Since then, she has been a civic leader, chairing the boards of the Indiana Historical Society, Conner Prairie and other organizations. Along with our guest, former Indiana Supreme Court Chief Justice Randy Shepard, she served on the Indiana Bicentennial Commission that oversaw celebrations and projects for the state's 200th birthday in 2016.
Question: Who is the first woman to serve as a federal judge in Indiana?
Hint: She discussed her trailblazing career on Hoosier History Live in 2014.Please do not call in to the show until you hear Nelson pose the question on the air, and please do not try to win if you have won any other prize on WICR during the last two months. You must be willing to give your first name to our engineer, you must answer the question correctly on the air and you must be willing to give your mailing address to our engineer so we can mail the prize pack to you. Prizes are two passes to the Indiana History Center, courtesy of Indiana Historical Society, and a gift certificate to Story Inn in Brown County, courtesy of Story Inn.
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Nelson Price, host and historian
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April 27, 2019 - coming up
A tour guide's fun facts about Indy 500 and pageantry
Who is the only person to participate, as a musician at an Indiana high school, in the Spectacle of the Bands at the Indianapolis Motor Speedway, then eventually compete as a race driver in the Indianapolis 500?
How did Purdue University begin their role as "host band" for the opening ceremonies at the racetrack - and how big is one of the band's most recognizable symbols, the "World's Largest Drum"?
And who has been the oldest winning driver in Indy 500 history?
The answers are among the fun facts about "The Greatest Spectacle in Racing" and its pageantry - including the 500 Festival Parade - that Nelson's studio guest will share during our show. A tour guide at the racetrack, James Craig Reinhardt (who is known as "Craig") retired from his job as a Tampa businessman to move to the town of Speedway and indulge his lifelong dream of being affiliated with the world-famous race.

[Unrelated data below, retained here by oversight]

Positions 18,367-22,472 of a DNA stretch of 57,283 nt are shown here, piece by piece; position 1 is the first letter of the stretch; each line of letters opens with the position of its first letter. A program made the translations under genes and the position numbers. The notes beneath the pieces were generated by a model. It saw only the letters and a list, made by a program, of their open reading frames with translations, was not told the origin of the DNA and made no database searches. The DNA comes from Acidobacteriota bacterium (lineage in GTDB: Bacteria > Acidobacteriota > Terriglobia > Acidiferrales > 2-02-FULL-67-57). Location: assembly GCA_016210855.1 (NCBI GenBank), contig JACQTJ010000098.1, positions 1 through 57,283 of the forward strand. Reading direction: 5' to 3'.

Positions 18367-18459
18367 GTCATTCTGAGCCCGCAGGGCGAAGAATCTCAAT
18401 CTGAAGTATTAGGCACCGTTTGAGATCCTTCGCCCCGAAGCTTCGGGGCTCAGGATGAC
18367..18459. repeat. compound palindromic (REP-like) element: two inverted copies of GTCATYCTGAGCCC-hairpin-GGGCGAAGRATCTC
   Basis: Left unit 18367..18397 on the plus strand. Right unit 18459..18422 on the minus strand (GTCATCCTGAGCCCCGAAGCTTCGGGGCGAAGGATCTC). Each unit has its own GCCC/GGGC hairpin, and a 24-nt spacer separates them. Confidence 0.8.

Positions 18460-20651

Craig is the author of two new books, both published by IU Press: The Winning Cars of the Indianapolis 500 and The Indianapolis 500: Inside the Greatest Spectacle in Racing.
As he does in his books, Craig will explain the origins of the long-time "Gentlemen, start your engines!" command - and the controversy that unfolded when it was initially modified in 1977 as Janet Guthrie became the first woman driver to qualify for the race.
Craig says his interest in the Indy 500 was sparked during the early 1950s when his father took him to the race, which kicked off a string of more than a dozen such visits.
"I can still remember sleeping in our red and white Pontiac Star Chief on West 16th Street across from the main gate the night before a race," he says.
As a tour guide since 2014, he has kept notes about questions that the public frequently asks about the race and its storied venue, which led him to compile the answers in his two books.
According to The Winning Cars of the Indianapolis 500, the oldest champion driver since the first Indy 500 in 1911 was Al Unser Sr., who took the checkered flag in 1987 when he was 47 years and 360 days old.
According to The Indianapolis 500: Inside the Greatest Spectacle in Racing, the only person to be both a Spectacle of the Bands musician and a race driver was Johnny Parsons, who drove 12 times in the Indy 500 between 1974 and 1996. Before his racing career, Parsons was a trumpet player in the marching band at Scecina Memorial High School and participated in the pre-race musical festivities. (History fact: Parsons is the son of Johnnie Parsons, who won the Indy 500 in 1950.
Speaking of bands: The Purdue University All-American Marching Band has been the "host band" since 1919, making this the 100th anniversary for the tradition.